A Review of Painted Blue with Saltwater by Victor Ugwu

The poet, Logan February identifies as non-binary. All pronouns referring to the poet as he should please be read as they.

Blue is for Bodies
We are onions. Logan is a layer of bodies; blue, brown, salty, queer, and broken; a collection of misplaced people drowning him into his own skin, into a language, dead and infernal to translate. With every facet exposed, he walks us into this body, where he searches for too many answers.
There are questions like:
where does the sun go at night
how do you define a room full of emptiness
,

He tells his body, clear—only to discover his voice takes him to an opposite direction of clarities. He begins by hoping on Fridays that he’d grow to finer complexities, to grow into a house, a distraction, and even a denial.
On Fridays, I grow leathery wings,
& when the devil takes me dancing,
I pretend he is all the boys I have ever loved
.

We go into his being with antagonisms, walking into his queerness with so much magic, so much hunger for home anywhere and everywhere in his body, “Marcus” and even air. His unique style takes us to every scattered piece of himself left behind in odd and even places; family. His conversation with his grandmother, parents and siblings roam around his oddities and acceptance to being normal. Do they see him as an abomination, as what god wanted to happen, or even a dead body?
Silly boy didn’t your mother tell you
Blue is a colour for the dead

Being queer in Nigeria can be likened to being born a sin. The government abhors the practice by signing into law the Same Sex Marriage Prohibition Act. This has led to increased homophobic tendencies. Logan, young and magical collects himself like a missal into other bodies (lost too); sometimes un-defining his sexuality to define ‘said’ morality (as in the poem “are you fucking the one you love”,) to say a prayer to air or anywhere home is. This search—sceptic and basic—introduces us to his centre of gravity, his balance with light, sanity and questions. His metaphors are doors shaped like windows. By entering him, you enter yourself and maybe, say a prayer. The elemental constricts are his objects and symbols—never bearing the same face, always heterogeneous—quite simple, yet too many to collect.
Another beautiful thing about Logan’s poetry is how he teaches us about halfness—to die in his misplaced skin and to die in love incompletely; and how these halfnesses though alike, are different identities. Like in “tea with my Grandma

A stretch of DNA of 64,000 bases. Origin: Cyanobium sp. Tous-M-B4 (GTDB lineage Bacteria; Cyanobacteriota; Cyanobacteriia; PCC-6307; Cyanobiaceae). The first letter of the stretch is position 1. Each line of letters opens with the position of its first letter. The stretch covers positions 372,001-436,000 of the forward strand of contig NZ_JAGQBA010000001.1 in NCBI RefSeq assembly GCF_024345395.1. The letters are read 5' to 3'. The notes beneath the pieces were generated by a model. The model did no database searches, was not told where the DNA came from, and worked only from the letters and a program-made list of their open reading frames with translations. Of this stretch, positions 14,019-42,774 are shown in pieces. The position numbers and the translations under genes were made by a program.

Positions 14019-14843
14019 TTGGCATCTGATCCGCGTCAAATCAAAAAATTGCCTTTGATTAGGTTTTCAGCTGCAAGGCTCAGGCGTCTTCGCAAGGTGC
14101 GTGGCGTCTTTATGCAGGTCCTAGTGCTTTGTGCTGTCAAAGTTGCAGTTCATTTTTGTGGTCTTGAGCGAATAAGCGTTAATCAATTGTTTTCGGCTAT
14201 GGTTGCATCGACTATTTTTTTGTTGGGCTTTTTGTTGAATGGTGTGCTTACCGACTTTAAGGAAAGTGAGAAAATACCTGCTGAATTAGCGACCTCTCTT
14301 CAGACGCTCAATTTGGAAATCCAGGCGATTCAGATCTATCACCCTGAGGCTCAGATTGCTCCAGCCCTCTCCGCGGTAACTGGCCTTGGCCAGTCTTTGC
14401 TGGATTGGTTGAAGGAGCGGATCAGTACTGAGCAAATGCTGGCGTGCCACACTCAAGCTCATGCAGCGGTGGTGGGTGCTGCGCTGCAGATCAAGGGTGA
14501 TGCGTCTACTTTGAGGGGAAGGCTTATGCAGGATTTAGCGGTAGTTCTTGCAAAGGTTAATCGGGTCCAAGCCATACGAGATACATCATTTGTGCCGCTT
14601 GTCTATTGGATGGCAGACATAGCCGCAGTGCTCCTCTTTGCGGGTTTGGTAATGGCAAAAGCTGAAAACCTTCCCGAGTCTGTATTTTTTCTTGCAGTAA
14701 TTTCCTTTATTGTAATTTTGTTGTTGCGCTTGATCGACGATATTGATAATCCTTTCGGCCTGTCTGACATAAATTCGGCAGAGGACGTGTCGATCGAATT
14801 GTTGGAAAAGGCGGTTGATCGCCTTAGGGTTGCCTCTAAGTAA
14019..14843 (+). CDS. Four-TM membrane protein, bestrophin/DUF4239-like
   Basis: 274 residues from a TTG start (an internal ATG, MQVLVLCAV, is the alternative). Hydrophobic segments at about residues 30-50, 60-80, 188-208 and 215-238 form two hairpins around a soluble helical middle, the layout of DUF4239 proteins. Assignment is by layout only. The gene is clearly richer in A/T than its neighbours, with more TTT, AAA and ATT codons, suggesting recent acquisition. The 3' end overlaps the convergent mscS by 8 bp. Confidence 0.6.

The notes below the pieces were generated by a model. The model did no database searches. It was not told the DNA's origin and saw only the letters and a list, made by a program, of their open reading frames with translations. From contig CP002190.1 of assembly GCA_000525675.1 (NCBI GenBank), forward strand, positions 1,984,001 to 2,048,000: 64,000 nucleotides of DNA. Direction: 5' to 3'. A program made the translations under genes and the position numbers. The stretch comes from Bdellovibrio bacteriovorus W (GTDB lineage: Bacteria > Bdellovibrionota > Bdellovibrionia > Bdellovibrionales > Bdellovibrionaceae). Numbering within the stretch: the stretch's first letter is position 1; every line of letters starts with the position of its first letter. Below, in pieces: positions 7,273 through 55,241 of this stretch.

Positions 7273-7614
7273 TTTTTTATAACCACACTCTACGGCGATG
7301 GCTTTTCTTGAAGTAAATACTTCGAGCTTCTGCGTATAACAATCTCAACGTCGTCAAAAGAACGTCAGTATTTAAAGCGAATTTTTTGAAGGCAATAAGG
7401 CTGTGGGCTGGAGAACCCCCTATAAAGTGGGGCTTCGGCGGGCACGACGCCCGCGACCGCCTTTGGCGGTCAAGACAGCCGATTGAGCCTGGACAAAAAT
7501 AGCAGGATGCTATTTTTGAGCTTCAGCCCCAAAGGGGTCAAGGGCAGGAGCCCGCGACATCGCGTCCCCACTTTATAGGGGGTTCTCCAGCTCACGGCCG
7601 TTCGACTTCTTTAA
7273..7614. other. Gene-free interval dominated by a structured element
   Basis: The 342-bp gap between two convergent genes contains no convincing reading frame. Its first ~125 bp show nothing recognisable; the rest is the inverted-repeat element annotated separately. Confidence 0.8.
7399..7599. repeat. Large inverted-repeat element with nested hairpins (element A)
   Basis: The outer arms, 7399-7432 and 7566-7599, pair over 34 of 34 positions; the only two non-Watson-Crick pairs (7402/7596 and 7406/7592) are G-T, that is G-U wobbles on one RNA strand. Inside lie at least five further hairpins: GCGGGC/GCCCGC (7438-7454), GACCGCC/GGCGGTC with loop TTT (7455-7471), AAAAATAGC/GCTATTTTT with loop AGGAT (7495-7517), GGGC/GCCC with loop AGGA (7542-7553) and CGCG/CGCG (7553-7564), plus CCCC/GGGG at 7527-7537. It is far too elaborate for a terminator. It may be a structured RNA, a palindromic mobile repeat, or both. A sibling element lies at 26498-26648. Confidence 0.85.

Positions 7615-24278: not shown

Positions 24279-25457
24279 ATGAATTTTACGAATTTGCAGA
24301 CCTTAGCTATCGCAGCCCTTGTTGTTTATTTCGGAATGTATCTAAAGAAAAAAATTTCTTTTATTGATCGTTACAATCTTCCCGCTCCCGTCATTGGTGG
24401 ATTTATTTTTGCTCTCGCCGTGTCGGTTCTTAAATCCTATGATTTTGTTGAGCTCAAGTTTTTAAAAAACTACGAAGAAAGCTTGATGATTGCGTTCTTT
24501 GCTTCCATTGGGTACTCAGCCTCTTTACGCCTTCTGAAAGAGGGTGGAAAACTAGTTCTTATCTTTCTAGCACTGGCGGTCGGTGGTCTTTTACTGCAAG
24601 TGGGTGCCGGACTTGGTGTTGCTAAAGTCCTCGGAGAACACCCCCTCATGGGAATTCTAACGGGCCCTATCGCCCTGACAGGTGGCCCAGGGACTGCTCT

Yes but how do you explain
yellow skin
turning green is it true I was born
half dead

It is visible that his prayers take the form of birds, and stay so in all moments even when life tries to mould them into butterflies. He spills himself in many directions to find meaning and peace. All the self-portraits poems carry the weight of his emptiness, always showing his fragility and how undying we become as we live in it. Sometimes, to die is to be sane; sometimes, writing your body in a boy’s wound is sane; sometimes, pouring home into your lover’s body opens yours into different types of questions.
It is amazing to watch the story he tells with his punctuations. How his periods depict the deadness in his finality, in his silence. His commas command movement, and show us how infinite brokenness sleeps in his skin. In trying to understand Logan, you get misdirected from the true meaning of his poetry. I think he is the misdirection, the collection is his binding force showing how beautiful we can find our way back when lost in true meaning; a sign to read and find yourself in someone else’s voice.
I cannot guarantee how clear your reflection will be in this mirror. But like David Ishaya Osu once told me, there is a rhythm of everyone in one’s poem. I sure found mine in “Self-Portrait as Pussyboy”:
Your chair is carved from the same wood / as the chopping block. They
are a park / of hyenas, showing you that nothing is wolf enough /
when it is outnumbered. / Their blood is thick with hate, laughter so
loud / it may echo for all fourteen years of prison time. / They latch on
to you with teeth & / do not let go. / A condom is filled luminous
dust& / dangled in your face. Some days, / survival is the only victory
to fondle. / You do not have to be a wolf / to survive. You run off into
the shadows, / tail between legs, but still breathing.

This carries an identical force and rawness. It is impossible to miss the honesty, fear, doubt and wounds.
The collection is a model of my family, my neighbourhood, my country. While they send queer people to hell for their sins, while they baptize them with burning candles and smoking tires, while they label an identity as an absolute abomination, I can’t help but wonder how men carry out god’s judgment and un-write scriptures built on love and peace. Are we first humans or…?

Painted Blue with Saltwater, Logan February.
Released by Indolent books,
Review by Victor Ugwu

The reviewer, Victor Ugwu has his bio in the members’profile section.

2 thoughts on “A Review of Painted Blue with Saltwater by Victor Ugwu”

  1. This is an amazing review. It brings to life the sadness embedded in the poet’s lines. I like that it compels me to read the book.
    Great job!

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